I teach English at a private school in Communist China. To my surprise, there are Christmas parties given to the young students of the school. These parties are something I’m glad to experience once in my lifetime, but I’m not sure I could learn to love them. China takes the cake for commercializing Christmas. It’s superficial; not substantial. Too much disco; not enough deity. And balloons everywhere. Balloons and Christmas?! Here’s an example of one of the parties that was given for a class of 6 to 9 year old students.
The class is 2 hours long, not including the 15-minute break, and the first hour is supposed to be normal class lesson, with the second hour reserved for a party. To beat the rush and prepare the classroom for the party, I get to the classroom about 10 minutes early, but there are students already there and from their more-frantic-than-normal behavior, I can see that this lesson is going to be fun for the children only. The kids are all wearing their little red Santa hats that were given to them by the Chinese-speaking Santa that greeted them at the school’s front door. As I set my small basket of materials down on the small desk placed in the small classroom, the children swarm around me and reach for whatever brightly colored object rests inside the basket. The uninflated balloons vanish, the colored paper, crayons and markers disappear, and the small bag of cheap gifts intended to be used as presents for the kids gets torn and out falls all of the small contents. Someone grabs the Santa hat I’m wearing and spills the tea in my other hand.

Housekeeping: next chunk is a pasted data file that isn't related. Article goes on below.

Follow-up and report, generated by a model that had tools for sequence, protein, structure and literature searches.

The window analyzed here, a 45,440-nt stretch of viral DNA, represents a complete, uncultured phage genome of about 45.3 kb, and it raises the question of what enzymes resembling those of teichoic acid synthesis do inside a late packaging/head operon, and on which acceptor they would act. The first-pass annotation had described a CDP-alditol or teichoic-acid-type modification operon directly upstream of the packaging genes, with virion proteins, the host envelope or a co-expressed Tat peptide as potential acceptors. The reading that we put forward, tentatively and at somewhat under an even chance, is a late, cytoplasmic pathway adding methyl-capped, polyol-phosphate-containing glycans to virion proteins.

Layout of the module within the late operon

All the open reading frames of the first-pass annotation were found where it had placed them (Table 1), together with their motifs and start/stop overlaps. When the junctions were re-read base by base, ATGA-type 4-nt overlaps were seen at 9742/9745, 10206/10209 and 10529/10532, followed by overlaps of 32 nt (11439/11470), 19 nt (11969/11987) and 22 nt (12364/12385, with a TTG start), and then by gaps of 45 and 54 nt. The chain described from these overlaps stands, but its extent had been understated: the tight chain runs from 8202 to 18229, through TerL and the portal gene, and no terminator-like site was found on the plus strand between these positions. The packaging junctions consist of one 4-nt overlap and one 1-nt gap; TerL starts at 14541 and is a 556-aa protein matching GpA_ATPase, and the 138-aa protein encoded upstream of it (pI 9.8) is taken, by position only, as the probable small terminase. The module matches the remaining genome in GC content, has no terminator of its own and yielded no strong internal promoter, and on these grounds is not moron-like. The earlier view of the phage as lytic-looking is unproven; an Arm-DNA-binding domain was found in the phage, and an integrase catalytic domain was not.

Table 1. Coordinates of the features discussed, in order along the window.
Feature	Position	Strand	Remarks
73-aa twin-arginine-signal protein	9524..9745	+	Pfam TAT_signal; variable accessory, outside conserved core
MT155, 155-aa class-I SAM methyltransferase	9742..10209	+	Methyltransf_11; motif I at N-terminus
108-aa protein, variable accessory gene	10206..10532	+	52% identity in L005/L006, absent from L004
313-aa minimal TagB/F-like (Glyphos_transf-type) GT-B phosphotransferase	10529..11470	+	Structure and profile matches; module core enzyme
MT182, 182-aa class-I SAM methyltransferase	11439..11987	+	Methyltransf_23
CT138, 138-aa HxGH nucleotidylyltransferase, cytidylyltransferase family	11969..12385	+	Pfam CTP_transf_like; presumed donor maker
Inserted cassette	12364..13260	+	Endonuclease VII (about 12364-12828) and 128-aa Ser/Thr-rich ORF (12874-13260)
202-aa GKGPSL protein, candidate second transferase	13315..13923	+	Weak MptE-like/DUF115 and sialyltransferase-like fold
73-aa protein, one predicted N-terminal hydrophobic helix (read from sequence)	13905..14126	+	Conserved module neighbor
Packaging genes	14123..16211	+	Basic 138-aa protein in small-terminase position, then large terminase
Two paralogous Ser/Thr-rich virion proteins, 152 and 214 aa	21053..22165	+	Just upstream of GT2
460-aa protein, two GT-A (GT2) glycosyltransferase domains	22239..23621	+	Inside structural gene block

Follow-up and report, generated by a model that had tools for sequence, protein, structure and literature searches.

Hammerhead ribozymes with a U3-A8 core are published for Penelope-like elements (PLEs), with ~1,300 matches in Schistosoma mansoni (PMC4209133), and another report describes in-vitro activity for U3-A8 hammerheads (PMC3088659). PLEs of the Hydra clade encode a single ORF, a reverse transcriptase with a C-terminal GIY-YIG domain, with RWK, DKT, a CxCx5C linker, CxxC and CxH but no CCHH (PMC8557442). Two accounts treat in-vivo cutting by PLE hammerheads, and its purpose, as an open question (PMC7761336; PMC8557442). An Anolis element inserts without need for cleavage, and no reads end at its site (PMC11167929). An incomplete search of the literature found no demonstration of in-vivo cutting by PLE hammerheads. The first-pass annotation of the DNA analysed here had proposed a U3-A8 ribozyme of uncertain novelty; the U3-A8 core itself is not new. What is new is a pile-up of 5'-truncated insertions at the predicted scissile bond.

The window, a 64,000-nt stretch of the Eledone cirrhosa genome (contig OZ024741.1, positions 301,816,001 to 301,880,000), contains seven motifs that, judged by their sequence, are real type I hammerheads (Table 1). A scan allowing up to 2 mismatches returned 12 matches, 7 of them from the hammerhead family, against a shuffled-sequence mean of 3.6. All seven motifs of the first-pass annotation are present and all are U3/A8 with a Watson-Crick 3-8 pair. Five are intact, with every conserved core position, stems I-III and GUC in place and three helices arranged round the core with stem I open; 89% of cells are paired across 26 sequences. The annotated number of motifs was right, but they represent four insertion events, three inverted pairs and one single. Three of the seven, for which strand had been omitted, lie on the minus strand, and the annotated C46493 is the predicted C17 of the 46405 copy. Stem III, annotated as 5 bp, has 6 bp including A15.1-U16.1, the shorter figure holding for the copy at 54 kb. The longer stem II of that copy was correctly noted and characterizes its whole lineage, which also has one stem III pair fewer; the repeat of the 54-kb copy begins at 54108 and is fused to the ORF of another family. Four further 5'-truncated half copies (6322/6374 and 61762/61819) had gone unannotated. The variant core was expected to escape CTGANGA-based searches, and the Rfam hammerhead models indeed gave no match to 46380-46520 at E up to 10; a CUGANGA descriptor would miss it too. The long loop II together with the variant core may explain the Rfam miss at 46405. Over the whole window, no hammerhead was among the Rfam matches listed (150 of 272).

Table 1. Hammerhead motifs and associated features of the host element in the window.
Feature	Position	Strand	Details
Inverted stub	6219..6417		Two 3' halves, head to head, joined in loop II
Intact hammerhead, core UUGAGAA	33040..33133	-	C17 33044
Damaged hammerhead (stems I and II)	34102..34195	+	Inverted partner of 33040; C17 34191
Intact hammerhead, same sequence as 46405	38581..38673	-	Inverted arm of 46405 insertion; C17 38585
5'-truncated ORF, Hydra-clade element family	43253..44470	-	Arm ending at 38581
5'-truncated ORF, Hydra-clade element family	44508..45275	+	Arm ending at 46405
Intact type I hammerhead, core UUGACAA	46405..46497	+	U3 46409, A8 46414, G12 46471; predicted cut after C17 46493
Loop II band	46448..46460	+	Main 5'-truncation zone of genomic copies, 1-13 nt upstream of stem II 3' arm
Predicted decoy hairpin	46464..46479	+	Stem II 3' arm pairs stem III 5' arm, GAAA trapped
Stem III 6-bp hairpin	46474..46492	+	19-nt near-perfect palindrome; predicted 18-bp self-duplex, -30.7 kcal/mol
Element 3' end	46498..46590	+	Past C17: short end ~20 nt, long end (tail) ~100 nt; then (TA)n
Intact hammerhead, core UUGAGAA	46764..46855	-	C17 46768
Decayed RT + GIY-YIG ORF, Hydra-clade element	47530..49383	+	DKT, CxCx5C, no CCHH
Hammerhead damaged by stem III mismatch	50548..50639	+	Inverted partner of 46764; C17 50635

I feel guilty for walking into class so vulnerable and exposed but I try my best to pretend that this is all very cute and funny, giving my best high-browed smile while chuckling and singing in my cutest high-pitched voice “Meeeerrrrrry Christmas.” Then I leave the classroom for some other supplies and a few more minutes of quiet mental preparation. When I return, I sip my tea down to a safe level in the glass and notice that the teacher assistant is in class and the students are sitting down and quiet. The teacher assistant greets me and then apologizes that she has to leave the classroom momentarily.
The teacher assistant is a Chinese woman and a native speaker of Mandarin—the language of authority, the language of parents—so she is respected and maybe even feared. If she has to leave the classroom, for whatever reason, it is usually done at the expense of my good health. The teacher assistant leaving the classroom means that the teacher is alone with the students. A pang of fear, a sweating brow and a sudden tightness in my chest are typical symptoms of me in my classroom with a teacher assistant who had to leave the class momentarily.